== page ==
Sunday, August 5, 2012

Understanding the notion of necessity

To: Mark S.
From: Geoffrey Klempner
Subject: Understanding the notion of necessity
Date: 14 February 2008 11:58

Dear Mark,

Thank you for your email of 3 February, with your University of London Logic essay written under exam conditions in response to the question, 'How can we best understand the notion of necessity?'

On the face of it, this question looks like an open invitation to say whatever you like on the topic of theories of necessity. Accordingly you start off by stating that you will restrict the context to alethic modality, and in particular the de re interpretation of the modal operator.

The result is that you have written a very good essay in response to the question, 'Elaborate the main ways in which the notion of possible worlds may be employed in analysing the notion of de re necessity.'

Given the time constraints you have done very well. I do have a horrible memory from my second year as an undergraduate at Birkbeck, giving a talk on one of the essays from Quine's excellent collection 'Ways of Paradox' on the notion of necessity. I'd just discovered Lewis and Kripke, and proudly pulled Kripke's theory like a rabbit out of a hat as a 'solution' to the problem of transworld identity posed by Lewis's theory. The lecturer, Mark Platts (who now teaches at the Institute of Philosophical Investigations, Mexico City) had a bad throat that day and was not very pleased at having to explain, at painful length, why I had dismally failed to address Quine's concerns.

To this day, I don't know whether I had any part to play in Mark's decision to leave the country.

Modal fictionalism looks like the perfect rabbit to pull out of a hat. Ontologically parsimonious, based on a strong intuition (e.g. Sherlock Holmes in the 'world' of Conan Doyle's novels), the answer to all our prayers.

The problem for me is that statements about necessity, contingency and impossibility claim truth. You can argue endlessly about the character of Sherlock Holmes and never reach a definitive conclusion: that is the way with questions of literary interpretation. Sure, he lives at Baker Street. That only means that the famous street gets mentioned in the books. What if, for fictional purposes, Conan Doyle switched the locations of Baker Street and Wigmore Street (admittedly a dumb thing for a novel writer to do; as a Londoner I knew these streets well). Does Holmes live in Wigmore Street or Baker Street? I don't think there is a 'truth' there. You can say what you like, as long as you say it clearly.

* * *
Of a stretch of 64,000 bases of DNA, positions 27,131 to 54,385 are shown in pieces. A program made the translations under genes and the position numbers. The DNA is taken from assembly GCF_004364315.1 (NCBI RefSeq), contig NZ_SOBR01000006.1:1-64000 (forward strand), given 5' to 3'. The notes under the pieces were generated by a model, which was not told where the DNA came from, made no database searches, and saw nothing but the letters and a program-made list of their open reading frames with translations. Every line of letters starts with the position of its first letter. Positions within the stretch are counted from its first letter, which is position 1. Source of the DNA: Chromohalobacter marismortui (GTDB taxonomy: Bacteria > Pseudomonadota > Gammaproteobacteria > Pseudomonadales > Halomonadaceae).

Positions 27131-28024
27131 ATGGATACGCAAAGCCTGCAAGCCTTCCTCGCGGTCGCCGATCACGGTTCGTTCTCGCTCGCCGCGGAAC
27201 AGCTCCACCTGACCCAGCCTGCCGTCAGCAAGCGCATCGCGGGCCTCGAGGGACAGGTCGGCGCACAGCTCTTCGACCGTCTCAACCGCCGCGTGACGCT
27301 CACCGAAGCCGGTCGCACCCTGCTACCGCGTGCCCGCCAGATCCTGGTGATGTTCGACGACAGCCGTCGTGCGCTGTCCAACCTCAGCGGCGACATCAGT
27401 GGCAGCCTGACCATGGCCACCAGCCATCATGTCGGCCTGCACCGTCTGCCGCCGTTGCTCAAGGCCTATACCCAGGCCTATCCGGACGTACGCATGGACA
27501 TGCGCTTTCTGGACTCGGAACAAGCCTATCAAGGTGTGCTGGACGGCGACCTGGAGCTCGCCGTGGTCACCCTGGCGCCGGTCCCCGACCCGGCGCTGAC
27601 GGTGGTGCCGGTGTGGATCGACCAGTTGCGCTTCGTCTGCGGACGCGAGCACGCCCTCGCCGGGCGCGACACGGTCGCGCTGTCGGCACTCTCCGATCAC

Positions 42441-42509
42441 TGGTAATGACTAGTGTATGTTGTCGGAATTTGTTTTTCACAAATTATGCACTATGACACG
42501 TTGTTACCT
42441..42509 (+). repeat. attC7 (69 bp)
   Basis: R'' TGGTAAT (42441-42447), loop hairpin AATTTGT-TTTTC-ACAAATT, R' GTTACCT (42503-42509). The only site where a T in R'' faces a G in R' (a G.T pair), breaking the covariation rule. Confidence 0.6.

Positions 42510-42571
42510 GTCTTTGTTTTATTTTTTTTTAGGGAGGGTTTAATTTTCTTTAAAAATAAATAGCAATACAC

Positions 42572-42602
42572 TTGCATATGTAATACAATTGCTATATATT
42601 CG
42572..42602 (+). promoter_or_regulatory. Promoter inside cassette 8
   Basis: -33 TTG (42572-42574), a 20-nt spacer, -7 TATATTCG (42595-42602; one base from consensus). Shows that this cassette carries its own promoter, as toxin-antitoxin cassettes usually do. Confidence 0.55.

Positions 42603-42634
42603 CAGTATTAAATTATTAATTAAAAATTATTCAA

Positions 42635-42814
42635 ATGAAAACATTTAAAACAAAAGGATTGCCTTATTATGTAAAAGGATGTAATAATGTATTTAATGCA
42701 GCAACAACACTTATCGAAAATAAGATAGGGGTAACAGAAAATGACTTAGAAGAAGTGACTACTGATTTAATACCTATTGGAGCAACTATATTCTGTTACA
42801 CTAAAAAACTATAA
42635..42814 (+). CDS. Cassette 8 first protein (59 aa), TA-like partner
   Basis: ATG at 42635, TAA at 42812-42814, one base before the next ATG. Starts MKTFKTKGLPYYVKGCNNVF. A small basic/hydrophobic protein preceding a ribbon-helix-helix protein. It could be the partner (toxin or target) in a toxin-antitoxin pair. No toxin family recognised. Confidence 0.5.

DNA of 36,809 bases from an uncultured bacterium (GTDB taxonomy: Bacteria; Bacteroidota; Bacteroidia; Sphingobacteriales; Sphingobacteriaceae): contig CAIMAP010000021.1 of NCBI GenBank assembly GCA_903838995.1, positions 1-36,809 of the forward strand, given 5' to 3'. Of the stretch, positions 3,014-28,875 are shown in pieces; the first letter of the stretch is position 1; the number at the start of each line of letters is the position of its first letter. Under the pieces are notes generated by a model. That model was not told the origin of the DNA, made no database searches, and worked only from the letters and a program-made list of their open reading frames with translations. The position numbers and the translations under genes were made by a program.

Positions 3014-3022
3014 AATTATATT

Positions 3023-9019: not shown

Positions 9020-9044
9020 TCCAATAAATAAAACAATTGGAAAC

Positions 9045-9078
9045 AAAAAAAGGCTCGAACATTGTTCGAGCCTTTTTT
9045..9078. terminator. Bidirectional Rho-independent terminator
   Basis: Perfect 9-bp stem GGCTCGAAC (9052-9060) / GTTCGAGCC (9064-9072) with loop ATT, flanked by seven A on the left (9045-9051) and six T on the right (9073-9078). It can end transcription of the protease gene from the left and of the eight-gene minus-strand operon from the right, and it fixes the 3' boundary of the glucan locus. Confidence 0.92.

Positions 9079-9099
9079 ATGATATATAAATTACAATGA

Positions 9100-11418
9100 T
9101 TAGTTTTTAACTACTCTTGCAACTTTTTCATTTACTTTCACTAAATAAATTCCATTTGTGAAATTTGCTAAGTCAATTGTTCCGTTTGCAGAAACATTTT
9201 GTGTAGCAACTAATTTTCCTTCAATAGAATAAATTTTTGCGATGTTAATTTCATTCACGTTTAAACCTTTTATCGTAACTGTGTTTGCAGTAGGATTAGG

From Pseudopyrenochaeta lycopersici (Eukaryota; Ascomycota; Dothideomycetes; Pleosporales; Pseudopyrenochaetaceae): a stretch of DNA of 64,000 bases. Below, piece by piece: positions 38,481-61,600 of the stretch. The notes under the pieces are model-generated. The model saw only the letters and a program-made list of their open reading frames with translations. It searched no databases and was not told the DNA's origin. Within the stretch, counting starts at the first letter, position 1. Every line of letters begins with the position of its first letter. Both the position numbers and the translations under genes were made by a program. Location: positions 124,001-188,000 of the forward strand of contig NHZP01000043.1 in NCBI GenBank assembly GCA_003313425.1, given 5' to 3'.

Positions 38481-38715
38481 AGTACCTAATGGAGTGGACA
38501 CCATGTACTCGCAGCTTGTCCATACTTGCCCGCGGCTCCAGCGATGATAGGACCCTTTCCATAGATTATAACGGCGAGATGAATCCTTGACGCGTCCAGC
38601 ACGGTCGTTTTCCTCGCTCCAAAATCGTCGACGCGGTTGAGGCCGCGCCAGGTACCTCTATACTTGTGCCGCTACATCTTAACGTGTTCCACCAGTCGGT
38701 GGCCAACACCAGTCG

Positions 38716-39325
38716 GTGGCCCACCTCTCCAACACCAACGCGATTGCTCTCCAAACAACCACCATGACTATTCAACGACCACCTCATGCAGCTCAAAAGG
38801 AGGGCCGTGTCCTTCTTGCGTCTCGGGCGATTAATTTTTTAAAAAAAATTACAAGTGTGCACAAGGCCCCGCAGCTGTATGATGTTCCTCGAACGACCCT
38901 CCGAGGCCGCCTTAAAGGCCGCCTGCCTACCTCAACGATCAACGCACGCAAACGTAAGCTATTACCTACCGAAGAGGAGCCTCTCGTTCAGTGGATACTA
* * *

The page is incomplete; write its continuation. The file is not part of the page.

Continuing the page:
Whereas with statements about necessity, I don't think that we are prepared to allow truth to reduce to a species of interpretation. There are necessary facts. Leaving aside nomological necessity, what kind of fact is it that a surface cannot be red and blue all over, or that a man cannot spring from dragon's teeth?

This bears on the original question, which looked to me like a perfect opportunity to use the kind of analysis which you employed with the notion of knowledge, I mean the Wittgensteinian family resemblance or Aristotelian focal meaning kind of analysis which explains there is one word, while at the same time distinguishing between different but related applications or 'meanings'.

Lewises mad dog realism looks the best candidate for accounting for truth. The problem is believing it. It gives necessities which seemingly have nothing to do with language alongside those which can be accounted for in linguistic terms -- including the kind of distinctions that Kripke makes about the necessities of origin, which are arguably analysable in terms of the logical criteria for spatio-temporal continuity. (The individuals I might have been are restricted to the set of possible life histories terminating at this present point, where a life history is defined in terms of the sortal concept 'human'.)

In other words, although my intuitions are less frugal than Quine's, I am with Quine on the desirability, wherever possible, to account for necessity in logical/ linguistic terms. From this perspective, the hardest cases are those like the red and green.

If I was writing this essay, I would go even further back, starting with Wittgenstein's attempt, in the Tractatus, to account for all necessity in terms of strict logical necessity. Why does that idea still seem so appealing? why was it destined to fail? what does that failure show about the nature of language, and the nature of reality?

I'm not saying you have to do this. The question is less restrictive than others that you have answered and so you do have a certain degree of choice. However, I do think that you need to at least throw a sop to the logician/ semanticist who thinks that given we have single word, 'necessity', there is at least a strong presumption that in some sense it indicates a single 'notion', whatever that notion may be.

All the best,

Geoffrey